Chess in Schools

Tags: Chess, Primary Schools, Education Endowment Foundation, control group, test scores, intervention, FSM, National Pupil Database, control groups, attainment, treatment schools, Introduction Table 19, Sutton Trust, playing, John Micklewright, Impetus Trust, primary school, state school pupils, participating schools, Trial participants, eligible schools, Free school meals, KS2 maths
Content: Chess in Schools evaluation report and executive summary July 2016 Independent evaluators: John Jerrim, Lindsey Macmillan, John Micklewright, Mary Sawtell and Meg Wiggins
Chess in Schools
The Education Endowment Foundation (EEF) is an independent grant-making charity dedicated to breaking the link between family income and educational achievement, ensuring that children from all backgrounds can fulfil their potential and make the most of their talents. The EEF aims to raise the attainment of children facing disadvantage by: identifying promising educational innovations that address the needs of disadvantaged children in primary and secondary schools in England; evaluating these innovations to extend and secure the evidence on what works and can be made to work at scale; and encouraging schools, government, charities, and others to apply evidence and adopt innovations found to be effective. The EEF was established in 2011 by the Sutton Trust as lead charity in partnership with Impetus Trust (now part of Impetus - Private Equity Foundation) and received a founding Ј125m grant from the Department for Education. Together, the EEF and Sutton Trust are the government-designated What Works Centre for improving education outcomes for school-aged children.
For more information about the EEF or this report please contact: Danielle Mason Head of Research and Publications Education Endowment Foundation 9th Floor, Millbank Tower 21­24 Millbank SW1P 4QP p: 020 7802 1679 e: [email protected] w: www.educationendowmentfoundation.org.uk
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Chess in Schools About the evaluator The project was independently evaluated by a team led by University College London, including John Jerrim, Lindsey Macmillan, John Micklewright, Mary Sawtell and Meg Wiggins. The lead evaluator was John Jerrim. e. [email protected]
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Chess in Schools Introduction Contents About the evaluator .................................................................................................. 2 Contents .................................................................................................................... 3 Executive Summary ................................................................................................. 4 Introduction............................................................................................................... 6 Methods................................................................................................................... 10 Impact evaluation ................................................................................................... 19 Process evaluation ................................................................................................. 33 Conclusion .............................................................................................................. 48 References .............................................................................................................. 51 Appendix A. School consent form to access the National Pupil Database (NPD) ................................................................................................................................. 52 Appendix B. Questions CSC were asked to estimate costs ............................... 53 Appendix C: Padlock rating................................................................................... 54 Appendix D: Cost rating......................................................................................... 55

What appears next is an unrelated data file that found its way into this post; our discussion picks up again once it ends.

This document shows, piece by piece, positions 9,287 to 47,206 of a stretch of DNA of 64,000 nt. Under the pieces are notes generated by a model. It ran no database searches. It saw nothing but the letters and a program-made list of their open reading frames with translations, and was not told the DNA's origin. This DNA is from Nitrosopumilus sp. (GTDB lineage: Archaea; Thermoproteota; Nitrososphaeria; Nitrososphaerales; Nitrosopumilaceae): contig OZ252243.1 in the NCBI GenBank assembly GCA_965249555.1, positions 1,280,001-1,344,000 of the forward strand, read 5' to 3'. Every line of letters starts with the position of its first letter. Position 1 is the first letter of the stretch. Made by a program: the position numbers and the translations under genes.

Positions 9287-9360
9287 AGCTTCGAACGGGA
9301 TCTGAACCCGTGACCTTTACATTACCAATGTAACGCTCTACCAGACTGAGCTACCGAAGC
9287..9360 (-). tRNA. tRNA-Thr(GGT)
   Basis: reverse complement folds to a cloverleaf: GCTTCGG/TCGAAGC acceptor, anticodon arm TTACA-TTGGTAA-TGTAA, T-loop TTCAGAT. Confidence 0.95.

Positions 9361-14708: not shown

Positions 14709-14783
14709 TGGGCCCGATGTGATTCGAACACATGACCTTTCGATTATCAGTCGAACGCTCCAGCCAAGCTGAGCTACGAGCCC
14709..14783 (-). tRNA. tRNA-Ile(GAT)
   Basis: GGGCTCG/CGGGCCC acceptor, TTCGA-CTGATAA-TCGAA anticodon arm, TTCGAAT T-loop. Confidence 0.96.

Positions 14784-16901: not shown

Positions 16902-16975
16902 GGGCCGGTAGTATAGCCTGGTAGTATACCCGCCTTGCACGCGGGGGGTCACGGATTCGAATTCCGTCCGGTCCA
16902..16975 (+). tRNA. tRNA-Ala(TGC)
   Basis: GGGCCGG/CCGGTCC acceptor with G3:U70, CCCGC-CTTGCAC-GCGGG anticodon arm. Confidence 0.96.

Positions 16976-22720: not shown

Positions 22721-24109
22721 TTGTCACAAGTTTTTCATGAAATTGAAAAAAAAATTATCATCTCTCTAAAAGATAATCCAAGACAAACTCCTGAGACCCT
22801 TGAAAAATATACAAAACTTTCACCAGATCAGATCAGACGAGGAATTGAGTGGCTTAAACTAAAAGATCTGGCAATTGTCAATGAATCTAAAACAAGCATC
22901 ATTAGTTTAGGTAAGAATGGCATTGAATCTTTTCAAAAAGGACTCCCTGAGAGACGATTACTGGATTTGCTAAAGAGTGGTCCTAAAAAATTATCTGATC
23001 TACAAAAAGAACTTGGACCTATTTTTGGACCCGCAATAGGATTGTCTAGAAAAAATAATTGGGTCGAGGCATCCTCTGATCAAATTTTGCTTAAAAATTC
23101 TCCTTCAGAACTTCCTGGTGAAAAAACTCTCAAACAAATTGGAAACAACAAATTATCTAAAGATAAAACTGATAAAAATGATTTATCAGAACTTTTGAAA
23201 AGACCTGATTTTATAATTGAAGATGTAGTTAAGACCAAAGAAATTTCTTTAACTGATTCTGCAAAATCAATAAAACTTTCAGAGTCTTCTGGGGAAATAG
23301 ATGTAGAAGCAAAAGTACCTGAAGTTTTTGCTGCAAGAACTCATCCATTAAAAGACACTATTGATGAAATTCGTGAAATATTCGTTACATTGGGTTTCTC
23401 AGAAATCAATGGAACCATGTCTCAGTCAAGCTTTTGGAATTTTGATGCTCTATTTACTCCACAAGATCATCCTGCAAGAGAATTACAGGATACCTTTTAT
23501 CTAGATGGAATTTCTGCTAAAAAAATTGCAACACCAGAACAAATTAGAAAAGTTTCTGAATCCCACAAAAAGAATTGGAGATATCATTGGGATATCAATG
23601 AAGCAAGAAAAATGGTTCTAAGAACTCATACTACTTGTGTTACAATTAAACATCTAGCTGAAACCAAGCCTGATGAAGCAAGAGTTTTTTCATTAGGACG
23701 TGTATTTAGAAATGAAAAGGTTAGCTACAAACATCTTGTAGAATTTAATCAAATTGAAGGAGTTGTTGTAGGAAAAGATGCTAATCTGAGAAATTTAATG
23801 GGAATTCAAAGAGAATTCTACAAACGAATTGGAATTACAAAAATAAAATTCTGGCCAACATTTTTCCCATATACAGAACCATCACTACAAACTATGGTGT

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Executive Summary
Chess in Schools Introduction
The project Chess in Primary Schools is a whole-school approach to teaching primary school children how to play chess. Children take 30 hours of chess lessons delivered by a tutor who is an experienced chess player, and the school is given the option to set up a chess club as a lunchtime or after-school activity. Chess classes are delivered during the school day and are expected to replace subjects such as music or PE. The intervention was evaluated using a two-armed randomised controlled trial. The trial took place over the 2013/2014 academic year and assessed the impact of one year of Chess in Primary Schools on the mathematics attainment of pupils in Year 5. It was an effectiveness trial, with the intervention tested under realistic conditions in a large number of schools. This study looks at whether the intervention had an impact on attainment one year after the intervention had ended in June 2015. One hundred schools across 11 local education authorities (LEAs) in England participated in the trial, a total of 4,009 pupils. A process evaluation was also carried out to answer questions about implementation and to help explain the findings of the trial. The programme was delivered by the education charity Chess in Schools and Communities (CSC).